Charitable Support by St Giles Church
St Giles 50 50 Club
The St Giles Church 50 50 Club started in May 2015 and now has over 55 members.
You buy a number (or as many numbers as you like!) for £5 per month. Half of this goes to St Giles and half is paid out in the monthly prize draw. At Christmas we have a Super Draw!
The more people who join the club, the more money we raise for the church and the greater the prize money each month.
In the our first year of operation we are on track to raise over £1500 to go towards the running costs of our Church.
Draws are every second Sunday
Janice leads the draw in the church hall after All Together
Winners are displayed on the 50 50 notice board in the lobby and you get a cheque from Bernard, our treasurer
Please join in!
We welcome anyone from our congregation, family and friends, or the wider community over the age of 18 years
Every number is entered in every draw so you could win more than once a year!
The club will be managed by a committee answerable to the PCC including the Vicar and the Treasurer and will be audited once a year. You can leave the draw at any time with one month’s notice.
Where do I sign up for my number?
Pick up a leaflet in the lobby in church.
Fill in the application form and return to Sarah Shay to get your draw number
Fill in the standing order form and post or take this to your bank, or if you have on-line banking you can set this up yourself
See the 50 50 Club noticeboard for updates and winners!
There is a strong committee working tirelessly at St Giles to support the Children’s Society which is a Christian- based children’s charity supporting all children in the UK.
The committee hold numerous events to raise money during the year as well as organising svings boxes for everyone to keep at home.
One of the Committee members, Jo Simpson, wrote about her visit to the LEAP project in Leeds
I recently had the opportunity to visit the Leeds LEAP project, funded by the Children’s Society, and based in The Cubic Business Centre, Stanningley Road, Leeds 13.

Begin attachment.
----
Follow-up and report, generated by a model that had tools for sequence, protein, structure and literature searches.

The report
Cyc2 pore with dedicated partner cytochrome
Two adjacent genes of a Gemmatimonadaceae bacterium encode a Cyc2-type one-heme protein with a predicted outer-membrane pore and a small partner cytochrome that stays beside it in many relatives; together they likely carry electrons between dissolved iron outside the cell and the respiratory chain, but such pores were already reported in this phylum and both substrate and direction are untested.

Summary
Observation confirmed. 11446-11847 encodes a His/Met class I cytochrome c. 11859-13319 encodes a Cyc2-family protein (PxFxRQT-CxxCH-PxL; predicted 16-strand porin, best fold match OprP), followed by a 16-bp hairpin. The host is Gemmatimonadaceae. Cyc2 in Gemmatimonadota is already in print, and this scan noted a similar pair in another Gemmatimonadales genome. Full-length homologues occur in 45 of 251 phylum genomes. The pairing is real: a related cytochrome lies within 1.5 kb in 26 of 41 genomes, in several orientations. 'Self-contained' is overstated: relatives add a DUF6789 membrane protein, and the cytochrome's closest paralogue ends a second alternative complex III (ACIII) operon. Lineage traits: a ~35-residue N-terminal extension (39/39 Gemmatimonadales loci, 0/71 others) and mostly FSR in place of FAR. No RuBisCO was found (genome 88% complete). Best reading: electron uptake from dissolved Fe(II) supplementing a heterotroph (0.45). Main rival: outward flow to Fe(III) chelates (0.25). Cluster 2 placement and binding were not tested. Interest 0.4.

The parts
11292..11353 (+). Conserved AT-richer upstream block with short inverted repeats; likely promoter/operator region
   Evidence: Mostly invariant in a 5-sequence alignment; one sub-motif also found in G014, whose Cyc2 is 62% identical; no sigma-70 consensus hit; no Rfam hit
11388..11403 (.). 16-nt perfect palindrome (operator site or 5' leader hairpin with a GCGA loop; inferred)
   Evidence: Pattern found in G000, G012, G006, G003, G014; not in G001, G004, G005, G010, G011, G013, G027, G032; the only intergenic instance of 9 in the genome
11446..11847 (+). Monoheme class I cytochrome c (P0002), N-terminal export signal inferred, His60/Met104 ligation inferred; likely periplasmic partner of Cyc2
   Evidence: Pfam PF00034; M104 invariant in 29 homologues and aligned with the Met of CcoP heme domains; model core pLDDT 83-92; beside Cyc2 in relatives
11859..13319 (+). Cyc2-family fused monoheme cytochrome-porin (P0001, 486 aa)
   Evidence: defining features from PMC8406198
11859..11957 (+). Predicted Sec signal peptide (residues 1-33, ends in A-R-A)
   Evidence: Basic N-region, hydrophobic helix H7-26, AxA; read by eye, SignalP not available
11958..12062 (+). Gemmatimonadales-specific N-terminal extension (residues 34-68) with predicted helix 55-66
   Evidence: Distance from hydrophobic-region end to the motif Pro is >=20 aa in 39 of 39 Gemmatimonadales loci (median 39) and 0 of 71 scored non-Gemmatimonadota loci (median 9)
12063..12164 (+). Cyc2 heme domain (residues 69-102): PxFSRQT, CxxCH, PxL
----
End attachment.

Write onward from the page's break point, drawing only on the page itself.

I found my visit both informative and inspiring. The staff were welcoming and enthusiastic about the projects they were developing to benefit the young people of Leeds. The Centre was colourful and bright, with informative displays and good facilities for training and staff and volunteer development.
LEAP stands for Listening, Empowerment, Advocacy and Participation. The LEAP project is committed to enabling disabled and refugee children, alongside professionals, to overcome barriers and to challenge ignorance that stops them reaching their full potential.
Leeds City Council and Leeds Early Years Development and Children’s Partnership are involved in funding and supporting the programmes with The Children’s Society.
There are two specific projects for young people funded in Leeds
- Supporting disabled children aged 11-19 by arranging training, support and opportunities for volunteers to Befriend a young disabled person. The befriender will help the young person to undertake activities such as going swimming, to the cinema, shopping, or undertaking sports, art or music, cooking, reading and other activities chosen by the young person, by enabling them and helping them in whatever capacity is appropriate. The befrienders are given stringent checks, and training which includes many aspects, such as legislation, moving and handling, behaviour issues, communication, dietary requirements, mobility issues, etc.
- Supporting young refugees and asylum seekers aged 13-19 not in education, employment and training, (NEET) and encouraging and supporting them into education, employment and training, (EET). Many of these young people need help to negotiate the systems and application routes. They may need translation services and help into a safe environment. An Integrated Youth Support Service is available and works in partnership with agencies to smooth the young peoples path into opportunities.